Twenty-five years without Dorothy Day

Dorothy Day was an American anarchist, pacifist, and devout Roman Catholic. She dedicated her life to serving the poor of Manhattan, eating and living with them. She refused to pay federal taxes, to accept government aid, and to be complicit in injustice. From time to time, her stands landed her in jail.

Her great accomplishment was to integrate these usually unrelated things into the seamless whole that was her daily life. With Peter Maurin, she founded the newspaper The Catholic Worker, which gave its name to what we call the Catholic Worker movement.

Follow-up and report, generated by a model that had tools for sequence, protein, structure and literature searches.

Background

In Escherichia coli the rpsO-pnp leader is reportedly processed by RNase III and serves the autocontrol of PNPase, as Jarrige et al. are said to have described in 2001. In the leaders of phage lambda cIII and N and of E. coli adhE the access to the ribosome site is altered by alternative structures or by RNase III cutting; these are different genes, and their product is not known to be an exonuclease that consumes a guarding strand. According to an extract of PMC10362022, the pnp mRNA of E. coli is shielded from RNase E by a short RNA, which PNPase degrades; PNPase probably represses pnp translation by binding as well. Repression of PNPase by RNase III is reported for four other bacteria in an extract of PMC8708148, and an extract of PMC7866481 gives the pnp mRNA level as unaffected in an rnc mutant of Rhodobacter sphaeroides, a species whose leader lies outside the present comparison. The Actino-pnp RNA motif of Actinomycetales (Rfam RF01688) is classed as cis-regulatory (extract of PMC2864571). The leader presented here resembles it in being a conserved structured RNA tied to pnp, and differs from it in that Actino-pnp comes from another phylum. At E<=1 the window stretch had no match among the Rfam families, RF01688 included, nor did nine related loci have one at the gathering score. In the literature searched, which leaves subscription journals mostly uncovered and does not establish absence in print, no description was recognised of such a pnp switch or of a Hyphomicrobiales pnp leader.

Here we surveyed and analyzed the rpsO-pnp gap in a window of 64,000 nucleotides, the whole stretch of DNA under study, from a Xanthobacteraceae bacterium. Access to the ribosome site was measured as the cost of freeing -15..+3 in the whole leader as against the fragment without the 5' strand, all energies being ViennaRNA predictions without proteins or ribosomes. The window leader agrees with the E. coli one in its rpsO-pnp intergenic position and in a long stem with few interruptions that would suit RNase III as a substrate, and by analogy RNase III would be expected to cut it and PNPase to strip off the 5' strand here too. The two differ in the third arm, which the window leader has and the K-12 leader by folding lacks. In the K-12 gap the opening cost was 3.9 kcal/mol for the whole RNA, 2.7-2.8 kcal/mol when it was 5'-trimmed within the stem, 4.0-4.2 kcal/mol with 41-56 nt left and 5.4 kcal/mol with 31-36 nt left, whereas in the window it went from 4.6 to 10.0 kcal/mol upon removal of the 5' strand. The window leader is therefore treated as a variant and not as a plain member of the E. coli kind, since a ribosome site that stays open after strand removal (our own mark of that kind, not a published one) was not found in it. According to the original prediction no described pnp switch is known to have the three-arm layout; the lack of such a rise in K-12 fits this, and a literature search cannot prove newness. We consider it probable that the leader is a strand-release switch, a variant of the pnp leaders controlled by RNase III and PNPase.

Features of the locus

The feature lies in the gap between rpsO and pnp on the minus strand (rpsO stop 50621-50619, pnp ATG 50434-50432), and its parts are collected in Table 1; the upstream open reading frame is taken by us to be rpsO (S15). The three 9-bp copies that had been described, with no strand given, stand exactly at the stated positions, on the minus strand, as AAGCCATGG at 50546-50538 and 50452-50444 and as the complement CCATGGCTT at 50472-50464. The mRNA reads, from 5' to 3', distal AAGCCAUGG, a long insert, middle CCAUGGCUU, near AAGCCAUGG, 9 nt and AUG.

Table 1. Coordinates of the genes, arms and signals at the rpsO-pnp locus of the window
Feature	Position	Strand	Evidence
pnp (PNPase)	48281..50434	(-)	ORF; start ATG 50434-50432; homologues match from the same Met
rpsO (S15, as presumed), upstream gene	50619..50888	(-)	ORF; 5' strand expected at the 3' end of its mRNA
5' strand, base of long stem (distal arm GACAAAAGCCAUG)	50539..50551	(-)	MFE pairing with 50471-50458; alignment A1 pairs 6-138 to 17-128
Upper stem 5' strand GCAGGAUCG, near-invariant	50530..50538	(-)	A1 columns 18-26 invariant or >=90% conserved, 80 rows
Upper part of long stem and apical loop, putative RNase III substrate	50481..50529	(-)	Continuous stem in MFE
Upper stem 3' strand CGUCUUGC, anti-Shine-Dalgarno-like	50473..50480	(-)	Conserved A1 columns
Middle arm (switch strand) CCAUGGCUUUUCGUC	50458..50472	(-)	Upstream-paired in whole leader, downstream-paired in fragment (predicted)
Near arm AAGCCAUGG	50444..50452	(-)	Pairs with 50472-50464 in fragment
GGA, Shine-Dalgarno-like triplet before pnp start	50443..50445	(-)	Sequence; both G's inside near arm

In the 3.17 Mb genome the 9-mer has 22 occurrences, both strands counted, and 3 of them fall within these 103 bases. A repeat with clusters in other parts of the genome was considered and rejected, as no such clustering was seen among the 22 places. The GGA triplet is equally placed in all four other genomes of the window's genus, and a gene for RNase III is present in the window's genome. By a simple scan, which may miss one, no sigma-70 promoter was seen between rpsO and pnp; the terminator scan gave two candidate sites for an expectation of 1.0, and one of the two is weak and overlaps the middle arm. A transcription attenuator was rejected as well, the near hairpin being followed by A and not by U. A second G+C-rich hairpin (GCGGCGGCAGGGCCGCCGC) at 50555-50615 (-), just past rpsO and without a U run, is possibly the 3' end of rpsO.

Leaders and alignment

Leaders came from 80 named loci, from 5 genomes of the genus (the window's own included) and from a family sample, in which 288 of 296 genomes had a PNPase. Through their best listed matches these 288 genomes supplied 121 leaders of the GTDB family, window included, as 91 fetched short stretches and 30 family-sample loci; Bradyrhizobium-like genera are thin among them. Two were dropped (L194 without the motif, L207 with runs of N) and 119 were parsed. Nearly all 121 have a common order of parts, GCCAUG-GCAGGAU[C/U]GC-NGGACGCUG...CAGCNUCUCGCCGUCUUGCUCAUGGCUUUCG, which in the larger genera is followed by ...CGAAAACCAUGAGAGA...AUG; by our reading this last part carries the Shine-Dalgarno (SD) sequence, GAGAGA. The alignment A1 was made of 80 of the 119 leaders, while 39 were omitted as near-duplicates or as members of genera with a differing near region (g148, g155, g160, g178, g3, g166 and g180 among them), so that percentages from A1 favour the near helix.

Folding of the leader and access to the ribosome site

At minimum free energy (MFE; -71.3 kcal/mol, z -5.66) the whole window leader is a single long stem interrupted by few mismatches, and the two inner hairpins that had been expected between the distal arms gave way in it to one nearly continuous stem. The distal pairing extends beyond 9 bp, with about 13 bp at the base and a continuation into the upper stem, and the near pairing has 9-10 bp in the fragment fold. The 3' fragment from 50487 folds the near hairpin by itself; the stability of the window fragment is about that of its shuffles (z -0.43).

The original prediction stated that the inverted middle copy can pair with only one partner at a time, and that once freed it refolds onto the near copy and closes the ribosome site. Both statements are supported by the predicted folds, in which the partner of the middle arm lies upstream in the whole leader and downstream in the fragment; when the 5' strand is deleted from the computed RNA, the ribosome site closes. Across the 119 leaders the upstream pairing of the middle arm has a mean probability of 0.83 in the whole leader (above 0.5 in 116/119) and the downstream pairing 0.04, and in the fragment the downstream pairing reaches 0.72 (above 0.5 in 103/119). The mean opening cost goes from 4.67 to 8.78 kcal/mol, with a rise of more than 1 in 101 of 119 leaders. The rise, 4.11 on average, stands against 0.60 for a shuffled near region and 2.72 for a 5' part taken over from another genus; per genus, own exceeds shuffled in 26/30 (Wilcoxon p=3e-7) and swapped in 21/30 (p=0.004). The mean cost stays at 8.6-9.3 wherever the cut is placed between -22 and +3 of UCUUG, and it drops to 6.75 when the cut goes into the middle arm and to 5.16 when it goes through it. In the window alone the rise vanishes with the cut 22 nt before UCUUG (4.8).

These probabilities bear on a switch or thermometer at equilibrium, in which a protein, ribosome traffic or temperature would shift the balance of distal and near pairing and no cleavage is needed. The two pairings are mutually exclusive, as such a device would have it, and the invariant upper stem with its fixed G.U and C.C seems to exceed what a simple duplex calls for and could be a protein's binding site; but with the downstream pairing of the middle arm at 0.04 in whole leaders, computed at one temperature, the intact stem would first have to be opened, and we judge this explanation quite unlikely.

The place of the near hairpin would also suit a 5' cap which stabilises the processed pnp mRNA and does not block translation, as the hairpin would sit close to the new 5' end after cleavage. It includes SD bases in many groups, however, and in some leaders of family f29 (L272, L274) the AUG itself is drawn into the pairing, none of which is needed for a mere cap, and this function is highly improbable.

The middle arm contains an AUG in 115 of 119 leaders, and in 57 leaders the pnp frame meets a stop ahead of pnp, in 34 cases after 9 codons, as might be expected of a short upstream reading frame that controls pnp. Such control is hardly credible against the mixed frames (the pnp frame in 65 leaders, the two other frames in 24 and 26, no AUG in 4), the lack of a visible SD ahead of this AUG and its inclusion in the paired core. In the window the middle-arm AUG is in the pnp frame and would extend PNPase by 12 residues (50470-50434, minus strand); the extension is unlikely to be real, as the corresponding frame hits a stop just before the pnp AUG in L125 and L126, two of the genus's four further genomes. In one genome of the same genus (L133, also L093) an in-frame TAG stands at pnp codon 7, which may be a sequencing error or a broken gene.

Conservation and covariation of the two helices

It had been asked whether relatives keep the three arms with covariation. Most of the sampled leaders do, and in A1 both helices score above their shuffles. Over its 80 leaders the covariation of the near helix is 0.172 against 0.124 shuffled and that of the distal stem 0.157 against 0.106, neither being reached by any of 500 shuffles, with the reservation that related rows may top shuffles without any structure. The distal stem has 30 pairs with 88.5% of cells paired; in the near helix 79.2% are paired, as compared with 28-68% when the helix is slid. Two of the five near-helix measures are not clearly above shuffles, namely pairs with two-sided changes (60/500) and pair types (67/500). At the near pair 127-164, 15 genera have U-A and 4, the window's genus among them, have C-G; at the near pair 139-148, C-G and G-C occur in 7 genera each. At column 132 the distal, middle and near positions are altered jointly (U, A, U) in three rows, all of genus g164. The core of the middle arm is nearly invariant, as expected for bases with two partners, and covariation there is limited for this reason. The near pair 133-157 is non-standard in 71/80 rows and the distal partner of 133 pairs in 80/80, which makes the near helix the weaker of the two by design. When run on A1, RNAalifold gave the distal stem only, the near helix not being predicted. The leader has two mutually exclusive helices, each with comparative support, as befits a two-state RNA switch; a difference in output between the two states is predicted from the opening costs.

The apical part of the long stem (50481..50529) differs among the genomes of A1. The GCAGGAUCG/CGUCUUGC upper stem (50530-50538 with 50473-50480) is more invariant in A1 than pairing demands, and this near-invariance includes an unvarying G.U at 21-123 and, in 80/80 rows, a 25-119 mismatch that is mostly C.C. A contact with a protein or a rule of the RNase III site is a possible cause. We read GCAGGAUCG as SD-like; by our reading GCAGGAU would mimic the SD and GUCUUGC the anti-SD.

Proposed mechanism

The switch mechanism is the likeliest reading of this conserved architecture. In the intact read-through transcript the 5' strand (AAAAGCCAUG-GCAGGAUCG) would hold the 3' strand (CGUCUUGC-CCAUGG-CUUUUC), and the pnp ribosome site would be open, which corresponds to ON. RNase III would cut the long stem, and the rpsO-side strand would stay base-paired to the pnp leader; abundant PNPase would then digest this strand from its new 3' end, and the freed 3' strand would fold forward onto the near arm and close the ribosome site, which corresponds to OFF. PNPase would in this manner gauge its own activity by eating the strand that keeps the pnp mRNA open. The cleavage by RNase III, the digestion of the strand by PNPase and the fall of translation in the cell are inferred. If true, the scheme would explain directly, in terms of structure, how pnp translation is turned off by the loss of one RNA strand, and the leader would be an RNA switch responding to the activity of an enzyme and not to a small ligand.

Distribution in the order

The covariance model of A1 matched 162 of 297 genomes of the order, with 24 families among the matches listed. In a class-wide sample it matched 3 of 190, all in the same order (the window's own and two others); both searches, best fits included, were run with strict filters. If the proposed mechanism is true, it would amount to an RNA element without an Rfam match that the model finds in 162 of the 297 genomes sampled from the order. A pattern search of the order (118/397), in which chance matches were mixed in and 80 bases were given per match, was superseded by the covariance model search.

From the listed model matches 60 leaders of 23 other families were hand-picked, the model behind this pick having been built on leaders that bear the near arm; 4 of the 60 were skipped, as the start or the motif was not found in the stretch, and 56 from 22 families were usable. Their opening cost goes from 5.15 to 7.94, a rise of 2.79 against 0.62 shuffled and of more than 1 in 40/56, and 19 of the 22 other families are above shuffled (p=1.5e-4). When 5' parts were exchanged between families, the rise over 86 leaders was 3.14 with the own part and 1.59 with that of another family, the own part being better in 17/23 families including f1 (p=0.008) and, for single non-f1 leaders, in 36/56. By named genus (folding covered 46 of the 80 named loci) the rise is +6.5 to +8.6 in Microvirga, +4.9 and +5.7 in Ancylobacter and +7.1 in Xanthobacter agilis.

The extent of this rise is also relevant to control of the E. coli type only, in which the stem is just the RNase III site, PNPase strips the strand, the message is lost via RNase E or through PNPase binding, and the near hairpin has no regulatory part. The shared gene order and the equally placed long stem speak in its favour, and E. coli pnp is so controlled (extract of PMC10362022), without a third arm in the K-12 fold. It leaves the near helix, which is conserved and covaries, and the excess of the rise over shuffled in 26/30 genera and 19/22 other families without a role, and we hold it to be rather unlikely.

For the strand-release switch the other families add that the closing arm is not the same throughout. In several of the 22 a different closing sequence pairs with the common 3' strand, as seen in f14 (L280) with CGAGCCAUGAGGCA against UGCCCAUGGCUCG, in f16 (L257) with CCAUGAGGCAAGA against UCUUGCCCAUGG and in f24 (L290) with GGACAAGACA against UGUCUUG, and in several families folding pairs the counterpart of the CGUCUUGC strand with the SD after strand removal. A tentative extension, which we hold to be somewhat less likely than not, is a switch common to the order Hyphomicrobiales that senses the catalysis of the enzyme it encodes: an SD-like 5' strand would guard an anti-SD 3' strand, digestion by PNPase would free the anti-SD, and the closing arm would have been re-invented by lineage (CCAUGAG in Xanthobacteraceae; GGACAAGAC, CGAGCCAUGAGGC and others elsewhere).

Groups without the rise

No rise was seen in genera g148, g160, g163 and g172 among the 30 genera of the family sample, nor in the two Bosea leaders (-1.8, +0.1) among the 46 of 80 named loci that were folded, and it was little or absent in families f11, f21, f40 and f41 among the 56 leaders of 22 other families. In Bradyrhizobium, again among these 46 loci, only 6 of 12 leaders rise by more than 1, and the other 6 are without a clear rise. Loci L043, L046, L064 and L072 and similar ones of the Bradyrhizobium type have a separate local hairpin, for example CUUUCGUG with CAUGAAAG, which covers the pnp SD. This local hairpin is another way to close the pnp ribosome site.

Each Catholic Worker community is independent and unique, but all take inspiration from the model she developed.

Dorothy died twenty-five years ago today. In accordance with her wishes, her family correspondence and diaries, held in the Marquette University Archives, will now be unsealed and available to researchers.

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